U.S. CitiesCity-Data Forum Index
Go Back   City-Data Forum > U.S. Forums > General U.S. > City vs. City
 [Register]
Please register to participate in our discussions with 2 million other members - it's free and quick! Some forums can only be seen by registered members. After you create your account, you'll be able to customize options and access all our 15,000 new posts/day with fewer ads.
View detailed profile (Advanced) or search
site with Google Custom Search

Search Forums  (Advanced)
View Poll Results: Which group of cities offers the better urban living experience?
Old School (Cleveland, Cincinnati, St Louis, Pittsburgh) 39 44.83%
New School (Denver, Portland, Minneapolis, Seattle) 48 55.17%
Voters: 87. You may not vote on this poll

Reply Start New Thread
 
Old 07-14-2013, 07:51 PM
 
Location: Grand Forks, ND
274 posts, read 588,947 times
Reputation: 254

Advertisements

I think most would agree that both the old school (Cleveland, Cincinnati, St Louis, and Pittsburgh) and the new school (Denver, Portland, Minneapolis, and Seattle) offer many options for urban living. What's interesting is that they are so different. The old school cities matured much earlier and are characterized by a markedly different built environment. They have all had struggles to varying degrees with white flight and urban decay but are working to turn the corner and reinvest in their respective cores. The new school cities have benefited greatly from America's "urban renaissance" and are characterized by large amounts of newer building stock.

Evaluate the cities both between the groups and against each other in the following categories.

Downtown Urban Living - Which group offers the best downtown living options?

Urban Neighborhoods - Which group has better in city neighborhoods for urban living?

Suburbs - Which group offers better urban options in the suburbs?

Walkability - Which group is more walkable?

Transit - Which group has better Transit? (Bus/Rail/Bike etc)

Vibrancy - Which group is teeming with life?

Restaurants/Nightlife - Where are the better and more plentiful restaurant and nightlife options

Shopping - Which group has better shopping for urban residents?

Employment/Economy - Which group has better employment in their urban areas?

Architecture - Which group looks better?

Attractions/Amenities - Which group offers the most for its urban residents?

Character - Which group has more character?

Diversity - Which group is more diverse, both in people and urban living experience?

Overall - Which group is it?
Reply With Quote Quick reply to this message

 
Old 07-14-2013, 08:23 PM
 
Location: Aurora, Colorado
5,439 posts, read 8,108,425 times
Reputation: 4482
New school has everything old school has as far as urban amentites, but newer.
Reply With Quote Quick reply to this message
 
Old 07-14-2013, 08:45 PM
 
981 posts, read 2,337,569 times
Reputation: 1472
Kind of a tie for me but I voted for new school mainly because I really don't care about the cities you listed for old school with the exception of St. Louis. Any way here's my 2 pennies:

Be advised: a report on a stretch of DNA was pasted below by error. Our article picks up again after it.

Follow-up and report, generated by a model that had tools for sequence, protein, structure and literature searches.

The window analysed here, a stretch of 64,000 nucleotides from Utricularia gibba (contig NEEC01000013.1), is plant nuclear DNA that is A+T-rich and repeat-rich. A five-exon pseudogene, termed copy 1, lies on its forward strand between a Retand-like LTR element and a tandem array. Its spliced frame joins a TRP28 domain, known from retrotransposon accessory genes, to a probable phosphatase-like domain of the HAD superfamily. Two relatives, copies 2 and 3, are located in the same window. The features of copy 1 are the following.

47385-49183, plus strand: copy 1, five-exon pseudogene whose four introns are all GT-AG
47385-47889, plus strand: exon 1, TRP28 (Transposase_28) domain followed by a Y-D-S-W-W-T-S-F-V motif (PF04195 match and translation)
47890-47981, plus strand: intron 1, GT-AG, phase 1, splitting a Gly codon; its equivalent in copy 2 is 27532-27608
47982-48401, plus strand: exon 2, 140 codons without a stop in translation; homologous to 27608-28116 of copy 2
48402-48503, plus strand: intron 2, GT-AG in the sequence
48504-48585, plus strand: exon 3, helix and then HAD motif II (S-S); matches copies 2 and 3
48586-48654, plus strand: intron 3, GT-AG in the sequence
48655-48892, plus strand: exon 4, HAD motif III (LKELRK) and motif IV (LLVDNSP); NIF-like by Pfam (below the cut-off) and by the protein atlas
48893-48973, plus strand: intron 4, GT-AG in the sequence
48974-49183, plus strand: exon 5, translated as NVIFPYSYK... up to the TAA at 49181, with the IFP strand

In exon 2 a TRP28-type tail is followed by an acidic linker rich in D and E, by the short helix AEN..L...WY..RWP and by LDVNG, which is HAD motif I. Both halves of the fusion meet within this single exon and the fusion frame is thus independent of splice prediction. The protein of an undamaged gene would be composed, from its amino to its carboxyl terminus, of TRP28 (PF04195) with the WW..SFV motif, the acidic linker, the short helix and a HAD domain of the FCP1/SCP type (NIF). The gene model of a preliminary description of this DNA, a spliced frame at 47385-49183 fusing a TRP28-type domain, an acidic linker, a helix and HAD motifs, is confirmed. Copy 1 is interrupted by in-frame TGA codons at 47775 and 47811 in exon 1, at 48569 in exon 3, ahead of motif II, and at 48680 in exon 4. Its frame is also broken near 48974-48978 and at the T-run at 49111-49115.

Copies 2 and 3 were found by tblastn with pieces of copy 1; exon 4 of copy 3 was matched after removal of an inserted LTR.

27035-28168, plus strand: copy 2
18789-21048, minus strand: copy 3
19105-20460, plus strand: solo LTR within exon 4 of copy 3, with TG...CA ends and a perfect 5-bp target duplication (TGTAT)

Downtown Urban Living - I slightly give the edge to New School because come on downtown Seattle is awesome and the downtowns of the Twin Cities and Denver are pretty cool as well

Urban Neighborhoods - Sorry old school wins this one. You just can't beat the urban neighborhoods in St. Louis, Pittsburgh, and Cleveland

Suburbs - Old School. Cities like Portland and especially Denver lose their "urbanity" once you get away from the downtown core and become pretty suburban.

Walkability - Old School

Transit - Tie I think both are decent for the most part

Vibrancy - Tie

Restaurants/Nightlife - New School

Shopping - Tie

Employment/Economy - Ehhhh tie

Architecture - Old school Denver can't compete with St. Louis's architecture (However Denver has a cooler looking airport hehe)

Attractions/Amenities - Tie

Character - Old School

Diversity - New School is more diverse. Cities like St. Louis and Cincinnati is pretty much just black and white people. Seattle has Asians. Denver has Hispanics. Minneapolis has Somalians, etc.
Reply With Quote Quick reply to this message
 
Old 07-14-2013, 10:18 PM
 
283 posts, read 349,406 times
Reputation: 314
I find your choices of cities to be rather interesting. The "New School" cities are probably the "oldest seeming" of the newer cities in the U.S. Denver, Portland, Seattle, and Minneapolis are fairly dense, more concentrated, and less sprawling than other "new school" cities like Houston, Phoenix, or even Los Angeles to a certain extent. Those cities have a good combination of eastern planing and western newness. They are probably my favorite cities west of the Mississippi. On the flip side, the "old school" cities you listed are very much the classic "rust belt cities" that have been through extended periods of urban decay due to many socioeconomic reasons. Pittsburgh is, however, a shining example of a city that has handled this well, diversifying its economy and attracting people and businesses once again, in large part due to the universities (Pitt and Carnegie Mellon) within the city. I hear Cincinatti is getting there too. Still, I wouldn't necessarily call those Industrial-Era cities "old school" as I would New York, Boston, Philadelphia, or Baltimore, the cities that have been around since the colonial era. I just think that the choice of cities was rather interesting, set up in a way that the "Old School" doesn't even stand a chance against the best of the "New School". My hand was forced to vote New School on this one.
Reply With Quote Quick reply to this message
 
Old 07-14-2013, 10:47 PM
 
Location: Minneapolis
2,331 posts, read 3,040,814 times
Reputation: 3918
Quote:
Originally Posted by PhillyPhan95 View Post
Still, I wouldn't necessarily call those Industrial-Era cities "old school" as I would New York, Boston, Philadelphia, or Baltimore, the cities that have been around since the colonial era. I just think that the choice of cities was rather interesting, set up in a way that the "Old School" doesn't even stand a chance against the best of the "New School". My hand was forced to vote New School on this one.
The problem is that New York, Boston, and Philly are much bigger so it wouldn't have been fair in that direction either. I'm trying to think of some older cities that are in the same weight class as the new school ones and aren't classic rust belt. All I can come up with is New Orleans which has its' own set of issues.
Reply With Quote Quick reply to this message
 
Old 07-14-2013, 11:27 PM
 
9,969 posts, read 14,560,712 times
Reputation: 9193
I don't really think of Denver, Portland, Seattle, and Minneapolis as "New School" cities as their initial growth spurts happened around the turn of the last century from about 1890-1930. Minneapolis was already a top 20 city in population by 1890. Most of the popular neighborhoods in these cities are redevelopment from older neighborhoods built in this time-frame--the older core neighborhoods and streetcar suburbs with old commercial strips and pre-ranch homes are what the popular areas to live. I think of New School cities as the ones that really first boomed in the post-World War II era--the Sun Belt cities.